3. Alexandra DeSanctis provides four arguments as to why your tax dollars shouldn't go to Planned Parenthood. Watch the video.

4. More Kat: She hails the idea of kids running lemonade stands, without needing a government license to do so. Watch her video.

5. From Reason, I recommend this exceptional, award-winning video, which profiles the insane (or, evil) efforts by San Francisco's lefty politicians to deprive people of their property rights. Watch it here.

The Six

1. Daniel Mahoney pens a brilliant Modern Age essay reflecting on Aleksandr Solzhenitsyn's writings — in The Gulag Archipelago — about politics the ascent of the soul. From the essay:

In the end, Solzhenitsyn brings together two imperatives: that of moral self-limitation and that of humane self-government. Unlike Tolstoy, who lived in a comparatively free country in the last periods of tsarist rule, Solzhenitsyn did not believe that "only moral self-improvement was necessary." As he argues in volume 3, part 1, chapter 4 of The Gulag Archipelago, for beings with bodies as well as souls, political liberty matters, too. It is not the ultimate meaning of human existence, but it is "the first step," a crucial prerequisite for avoiding a fundamental assault on the dignity of human persons. Without political liberty, human beings cannot breathe freely, nor can they exercise the arts of intelligence (and moral judgment) that are at the heart of our humanity.

In the last twenty-five years of his life, Solzhenitsyn became an eloquent partisan of democratic self-government, especially at the local level. He thought it indispensable for developing the civic and moral virtues of a free people. He did not want Russia simply to copy Western democracy, especially in its decayed, relativistic, late-modern forms. But he admired the cantonal and local liberties he saw at work in Switzerland and Vermont during his twenty years of Western exile. In his memoir of his years in the West, Between Two Millstones, Solzhenitsyn provides a moving description of the vigorous and morally serious self-government he saw at work in the Swiss Catholic half-canton of Appenzell in April 1975. It might be said that he admired the hardy "republican" spirit that he saw at work there. This kind of democracy "filled him with respect," and he hoped it could provide an inspiration for the renewal of local and provincial civic forms in Russia itself. Solzhenitsyn also strikingly noted that the Swiss Confederation is the oldest extant democracy on earth, dating from 1291, and that "it did not spring from the ideas of the Enlightenment, but directly from ancient forms of political life." Unlike left-liberals in the West, Solzhenitsyn does not identify self-government, or political democracy, exclusively with the philosophy of the Enlightenment.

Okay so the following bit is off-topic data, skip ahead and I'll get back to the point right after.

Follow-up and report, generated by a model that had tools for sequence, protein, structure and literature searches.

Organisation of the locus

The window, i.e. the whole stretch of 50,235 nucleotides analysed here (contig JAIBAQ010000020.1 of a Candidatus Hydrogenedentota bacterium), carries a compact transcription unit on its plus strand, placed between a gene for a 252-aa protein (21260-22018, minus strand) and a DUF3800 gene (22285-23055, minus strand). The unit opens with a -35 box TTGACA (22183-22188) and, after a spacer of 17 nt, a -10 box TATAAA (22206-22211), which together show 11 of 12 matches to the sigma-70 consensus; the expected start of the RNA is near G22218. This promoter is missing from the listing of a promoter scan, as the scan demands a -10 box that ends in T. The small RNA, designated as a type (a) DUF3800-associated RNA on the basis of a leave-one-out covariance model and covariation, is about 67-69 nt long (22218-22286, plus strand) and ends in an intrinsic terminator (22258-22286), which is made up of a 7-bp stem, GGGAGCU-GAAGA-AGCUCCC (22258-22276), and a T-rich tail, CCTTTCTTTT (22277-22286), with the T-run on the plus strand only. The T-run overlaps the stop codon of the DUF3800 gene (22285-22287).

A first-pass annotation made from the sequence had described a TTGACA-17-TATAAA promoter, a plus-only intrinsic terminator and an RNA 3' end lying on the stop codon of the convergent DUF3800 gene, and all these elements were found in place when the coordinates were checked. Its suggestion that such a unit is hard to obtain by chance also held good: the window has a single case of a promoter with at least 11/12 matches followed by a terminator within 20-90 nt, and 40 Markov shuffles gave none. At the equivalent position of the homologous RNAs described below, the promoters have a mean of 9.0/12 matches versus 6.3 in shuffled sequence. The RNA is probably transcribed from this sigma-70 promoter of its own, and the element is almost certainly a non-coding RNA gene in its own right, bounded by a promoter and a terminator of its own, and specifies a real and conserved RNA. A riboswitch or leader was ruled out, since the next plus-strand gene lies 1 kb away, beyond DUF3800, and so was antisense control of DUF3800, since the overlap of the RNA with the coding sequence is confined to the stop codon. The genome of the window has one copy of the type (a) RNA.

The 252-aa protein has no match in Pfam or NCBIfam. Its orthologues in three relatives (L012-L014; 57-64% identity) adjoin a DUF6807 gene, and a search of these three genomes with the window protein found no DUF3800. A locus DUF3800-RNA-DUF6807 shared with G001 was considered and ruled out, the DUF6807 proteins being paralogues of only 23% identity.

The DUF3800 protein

2. In the new issue of Claremont Review of Books, Joseph Epstein catalogs the march of political correctness's menace in American culture. From the essay:

If political correctness had stopped at the request for civil behavior, there would have been no difficulty in acceding to it. If homosexual men wish to be called "gay," if blacks wish to be called "African-American," if women prefer "Ms." over "Mrs." and "Miss," there would be no problem whatsoever. But the program inherent in political correctness has evolved into something much more ambitious than that. In its current phase, it is revolutionary, seeking a utopia of complete fairness in all institutions—educational, cultural, political—which in its advocates' interpretation means utter equality for all, excluding only those who violate political correctness's underlying assumptions and well-known restrictions.